Here we see the pièce de résistance of the North Flag: the date. No, I’m not kidding. Finally, finally, we have another in-house movement with an instant date change. There are a handful of these, outside of Rolex itself, but to this day the vast majority of in-house movements take one or even two hours to change over. Stylistically, the date is exactly what you’d expect from a tool watch: it lacks a frame and the black-on-white writing helps legibility. The date does, however, mark another departure from the Ranger II as Tudor has mercifully dropped the cyclops of the original.
Here we see another subtle nod to the Ranger II in the form of the chapter ring, although now with the addition of yellow accents. The numerals and markers are very similar as well with a combination of lume and white paint. They are certainly easy to read against the matte black dial.
Ah, the requisite lume shot. The blue lume here is well above average in quality and application. The photo doesn’t quite capture the real story, despite my best efforts. As these North Flags are in such high demand my time with it wasn’t quite sufficient to perfect this shot, but suffice it to say it is more even in real life, although the brightness is accurately reflected. The intensity is very good for a watch of this sort, certainly not as great as a high-end diver, but more than you’d expect. The longevity was superb, although my observations are hardly scientific. I really like that the power reserve’s hand, despite its appearance, is not lumed. That creates a dark x-axis that makes the watch extremely easy to orient at a glance. The hands are also sufficiently different from one another that they will be discernible at a glance. Nothing too surprising here, but a nonetheless impressive showing.
The North Flag’s dial is the right kind of vintage: it takes inspiration from the past, but it doesn’t look dated or old. I like to think of it as what a 1970s tool watch designer would have created if he had access to 2015’s technology and precision. In a sense, then, it’s more a 1970s watch inspired by the present than a present watch inspired by the 1970s.
As good as the North Flag looks, it’s mostly the new movement, the MT5621, that gave it its celebrity. Of course, many brands have in-house movements these days, but Tudor’s is more interesting than almost all of them because not only does it have important implications for Tudor, but for their relationship to Rolex as well.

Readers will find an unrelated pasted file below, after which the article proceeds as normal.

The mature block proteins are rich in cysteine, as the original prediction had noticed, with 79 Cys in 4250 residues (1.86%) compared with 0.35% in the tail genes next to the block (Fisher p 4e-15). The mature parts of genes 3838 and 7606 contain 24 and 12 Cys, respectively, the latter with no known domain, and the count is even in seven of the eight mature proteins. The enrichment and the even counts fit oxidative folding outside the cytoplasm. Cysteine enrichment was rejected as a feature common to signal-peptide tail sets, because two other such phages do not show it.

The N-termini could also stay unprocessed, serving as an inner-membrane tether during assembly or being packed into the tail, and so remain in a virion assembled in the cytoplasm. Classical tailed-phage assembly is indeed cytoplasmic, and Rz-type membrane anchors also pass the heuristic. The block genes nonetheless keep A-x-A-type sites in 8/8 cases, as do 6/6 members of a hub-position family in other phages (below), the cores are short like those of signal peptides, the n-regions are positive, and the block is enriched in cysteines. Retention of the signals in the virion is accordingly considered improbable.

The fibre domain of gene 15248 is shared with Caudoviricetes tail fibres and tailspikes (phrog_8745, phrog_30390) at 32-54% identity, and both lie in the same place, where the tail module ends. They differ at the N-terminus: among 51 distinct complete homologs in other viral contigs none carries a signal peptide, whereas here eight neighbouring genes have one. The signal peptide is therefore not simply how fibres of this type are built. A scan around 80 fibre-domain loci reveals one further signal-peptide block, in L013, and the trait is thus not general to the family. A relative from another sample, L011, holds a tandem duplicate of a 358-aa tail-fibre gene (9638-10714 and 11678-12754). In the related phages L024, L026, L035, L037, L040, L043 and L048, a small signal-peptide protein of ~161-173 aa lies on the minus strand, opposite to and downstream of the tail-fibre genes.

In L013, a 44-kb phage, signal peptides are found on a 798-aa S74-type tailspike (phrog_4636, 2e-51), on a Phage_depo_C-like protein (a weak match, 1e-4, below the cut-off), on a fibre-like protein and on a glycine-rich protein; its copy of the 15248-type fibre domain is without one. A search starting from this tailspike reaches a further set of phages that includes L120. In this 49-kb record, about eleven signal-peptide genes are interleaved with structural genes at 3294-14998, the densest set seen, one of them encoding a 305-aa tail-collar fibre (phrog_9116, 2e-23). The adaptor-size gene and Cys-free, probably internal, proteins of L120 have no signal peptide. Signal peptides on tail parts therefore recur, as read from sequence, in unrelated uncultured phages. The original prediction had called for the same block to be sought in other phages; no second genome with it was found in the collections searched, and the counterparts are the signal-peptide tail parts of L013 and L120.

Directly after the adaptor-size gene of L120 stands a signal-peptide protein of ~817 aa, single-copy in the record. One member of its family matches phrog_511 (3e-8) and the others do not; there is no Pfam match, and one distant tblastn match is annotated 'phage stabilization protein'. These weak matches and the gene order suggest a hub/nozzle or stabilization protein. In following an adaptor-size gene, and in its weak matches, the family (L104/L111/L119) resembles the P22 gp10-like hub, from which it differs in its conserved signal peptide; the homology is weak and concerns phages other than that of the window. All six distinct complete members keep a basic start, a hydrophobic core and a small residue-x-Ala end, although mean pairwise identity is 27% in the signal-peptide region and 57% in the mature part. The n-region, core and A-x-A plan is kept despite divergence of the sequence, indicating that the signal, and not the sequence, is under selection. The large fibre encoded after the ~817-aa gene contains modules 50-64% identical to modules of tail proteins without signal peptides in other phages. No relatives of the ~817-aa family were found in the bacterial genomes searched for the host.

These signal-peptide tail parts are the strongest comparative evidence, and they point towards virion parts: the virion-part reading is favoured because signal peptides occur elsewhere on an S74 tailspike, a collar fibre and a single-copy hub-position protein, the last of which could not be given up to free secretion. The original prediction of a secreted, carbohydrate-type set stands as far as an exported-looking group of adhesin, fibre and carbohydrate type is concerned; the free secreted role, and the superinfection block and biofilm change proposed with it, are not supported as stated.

The MT5621, and the Pelagos’ new MT5612 (which is virtually identical), are Tudor’s first in-house movements ever. But this is more profound for Tudor than it is for most companies. As you probably already know, Tudor and Rolex are basically two sides of the same coin. Historically, Tudors didn’t even receive a unique name on many models and directly used the Rolex name (like Submariner, for instance). The main difference between the brand has always been about the movements: Tudor used outsourced movements and Rolex used almost entirely in-house movements. In 2015, this distinction begins to evaporate.
Naturally, you’d expect Rolex to save all the best technology for itself and give Tudor something less impressive to help maintain its superior position. This is not, however, what occurred. The MT5621 is, in my opinion, more advanced than most, if not all, Rolex movements, with the possible exception of the new 3255.
Most of the magic is going on right here at the balance wheel. Its design strongly inspires comparisons to popular Rolex movements like the 3135. The most important thing to note is that it’s free sprung, one of the hallmarks of a high-end Swiss movement. The free sprung design is widely adopted by brands like Patek Philippe, Jaeger LeCoultre, Rolex, Omega, F.P. Journe and Audemars Piguet, to name a few.
The basic difference between the free sprung design and the one used in the vast majority of watches is the lack of a regulator. The regulator changes the effective length of the hairspring in order to change the rate (gain/loss) of a watch. The advantage of this design is that it’s extremely easy to work on, usually requiring the turn of a single screw. However, regulators have a couple of weaknesses. The first of these is that they tend to “de-regulate” over time as the watch gets bumped around, leading to greater deviations over the course of years. Additionally, free of the disruptive influence of the regulator, the hairspring is said to be able to “breathe” better, resulting in greater stability. Both designs have their adherents and you can find watches at any price that use either design, although free sprung designs are closely associated with the Swiss high-end. In fact, as far as I know, this is the most affordable free sprung movement in the world.